Why ‘Black Panther’ was the perfect first choice to revive Saudi cinema

T’Challa, aka the Black Panther, played by Chadwick Boseman in the Marvel box-office hit. (Marvel)
Updated 20 April 2019

Why ‘Black Panther’ was the perfect first choice to revive Saudi cinema

  • Marvel’s superhero film went on to set other milestones, at the box office and during awards season

DUBAI: “Black Panther,” with its ensemble of African-American actors and its unapologetic social commentary on racial politics, was a welcome signal of change in Hollywood.

Released in January last year, the Marvel movie was a breath of fresh air in an industry lacking in diversity. But it was more than that for Saudi Arabia.

After remaining dark for 35 years, commercial cinemas reopened in the Kingdom on April 18, 2018, with an invite-only screening of “Black Panther” at a cinema in Riyadh’s King Abdullah Financial District.

Hundreds of VIP guests, including government officials and celebrities — men and women mixed — flocked to the venue to be part of the historic moment, one that was part of a series of major policy changes led by Crown Prince Mohammed bin Salman. 

It made sense for “Black Panther” to signify this cultural renaissance, as the film itself was lauded for its own social relevance.

In the movie, African Prince-turned-King T’Challa (Chadwick Boseman) returns to rule in the fictional African nation of Wakanda, a technologically advanced country that is isolated from the rest of the world.

Doubling as the crime-fighting hero Black Panther, King T’Challa also has to defend his country from the evil intentions of his cousin Erik Killmonger (Michael B. Jordan), who wants to dethrone him.

Critics have praised the film’s bold navigation of a racially charged narrative arc, where the major driving force of the main antagonist was to launch a global uprising against the oppression of African people. 

Aside from the film’s highlight on the plight of people of color, there is also the fact that it treated its female characters the same way it did their male counterparts, giving their warrior roles much-needed depth.

These roles were given life by Lupita Nyong’o (Oscar winner for “12 Years a Slave”) and Danai Gurira (“The Walking Dead”).

Director Ryan Coogler successfully managed to inject all these provocative ideas in “Black Panther” while preserving its entertainment value as a superhero movie. 

All the commendations were not just talk — “Black Panther” became an awards-season darling, also making history as one of the most critically acclaimed movies in its genre.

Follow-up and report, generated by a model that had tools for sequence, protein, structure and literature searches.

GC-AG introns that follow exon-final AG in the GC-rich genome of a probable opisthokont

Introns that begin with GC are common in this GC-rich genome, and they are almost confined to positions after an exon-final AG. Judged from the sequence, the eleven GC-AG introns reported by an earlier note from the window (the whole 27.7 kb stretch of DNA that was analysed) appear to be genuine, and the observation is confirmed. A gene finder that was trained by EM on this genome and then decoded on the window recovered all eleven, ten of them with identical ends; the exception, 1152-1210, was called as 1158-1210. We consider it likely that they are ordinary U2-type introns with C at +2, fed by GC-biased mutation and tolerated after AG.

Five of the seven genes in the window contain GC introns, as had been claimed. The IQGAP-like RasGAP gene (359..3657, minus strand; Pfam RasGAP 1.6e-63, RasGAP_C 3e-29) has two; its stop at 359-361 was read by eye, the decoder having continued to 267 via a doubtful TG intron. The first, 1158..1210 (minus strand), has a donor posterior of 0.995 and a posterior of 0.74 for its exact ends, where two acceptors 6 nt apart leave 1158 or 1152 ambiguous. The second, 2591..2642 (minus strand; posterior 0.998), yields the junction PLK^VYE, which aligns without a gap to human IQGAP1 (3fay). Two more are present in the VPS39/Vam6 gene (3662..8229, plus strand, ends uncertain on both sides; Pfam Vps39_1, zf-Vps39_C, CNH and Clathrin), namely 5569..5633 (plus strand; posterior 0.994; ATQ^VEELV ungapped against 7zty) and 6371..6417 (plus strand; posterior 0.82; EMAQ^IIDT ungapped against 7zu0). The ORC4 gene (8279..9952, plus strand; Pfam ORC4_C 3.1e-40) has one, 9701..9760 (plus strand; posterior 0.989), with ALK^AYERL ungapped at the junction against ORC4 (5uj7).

It was nominated for a Best Picture Oscar at the 91st Academy Awards this year, the first superhero film to get such a nod.

One of the most nominated films that night, it took home three Oscar trophies out of seven: Best Original Music Score, Best Costume Design and Best Production Design, all of which represented historical feats.

It became the first Marvel film ever to win an Oscar. Ruth E. Carter and Hannah Beachler, who won for Best Costume Design and Best Production Design respectively, became the first African-American winners in their categories.

“Black Panther” raked in more than $1.3 billion at the global box office, making it the third-highest-grossing film of all time. 

Its critical, commercial and cultural milestones made it the perfect film to revive the Saudi cinema scene.

 
 


Highlights from ‘The Silence is Still Talking,’ showing at Jeddah’s Athr Gallery

Jeddah’s Athr Gallery will show until September 5. (AN photo)
Updated 26 August 2019

Highlights from ‘The Silence is Still Talking,’ showing at Jeddah’s Athr Gallery

Here are some highlights from the Saudi artist Muhannad Shono’s ‘The Silence is Still Talking,’ showing at Jeddah’s Athr Gallery until September 5. 

‘Interpretations 01’

The Riyahd-based artist’s solo exhibition “explores ‘the word’ and its emergence,” according to the gallery’s promotional material. It continues Shono’s practice of pigment on paper: He ground charcoal ‘words’ to dust, then used inaudible sound waves to reform the words on paper.

‘The Silent Press’

The centerpiece of the show is this large installation, which consists of three conjoined pigment-on-paper scrolls, and which the gallery says “refers to the spoken silences of animate and inanimate practitioners of the free word that await patiently to be experienced.”

‘Interpretations 03’

The specks of pigment left by the charcoal after it has been manipulated by sound represent, the gallery suggests, “the nuance, context and depth of meaning that accompany each word as it reemerges” and also “the infinite possibilities of meaning.”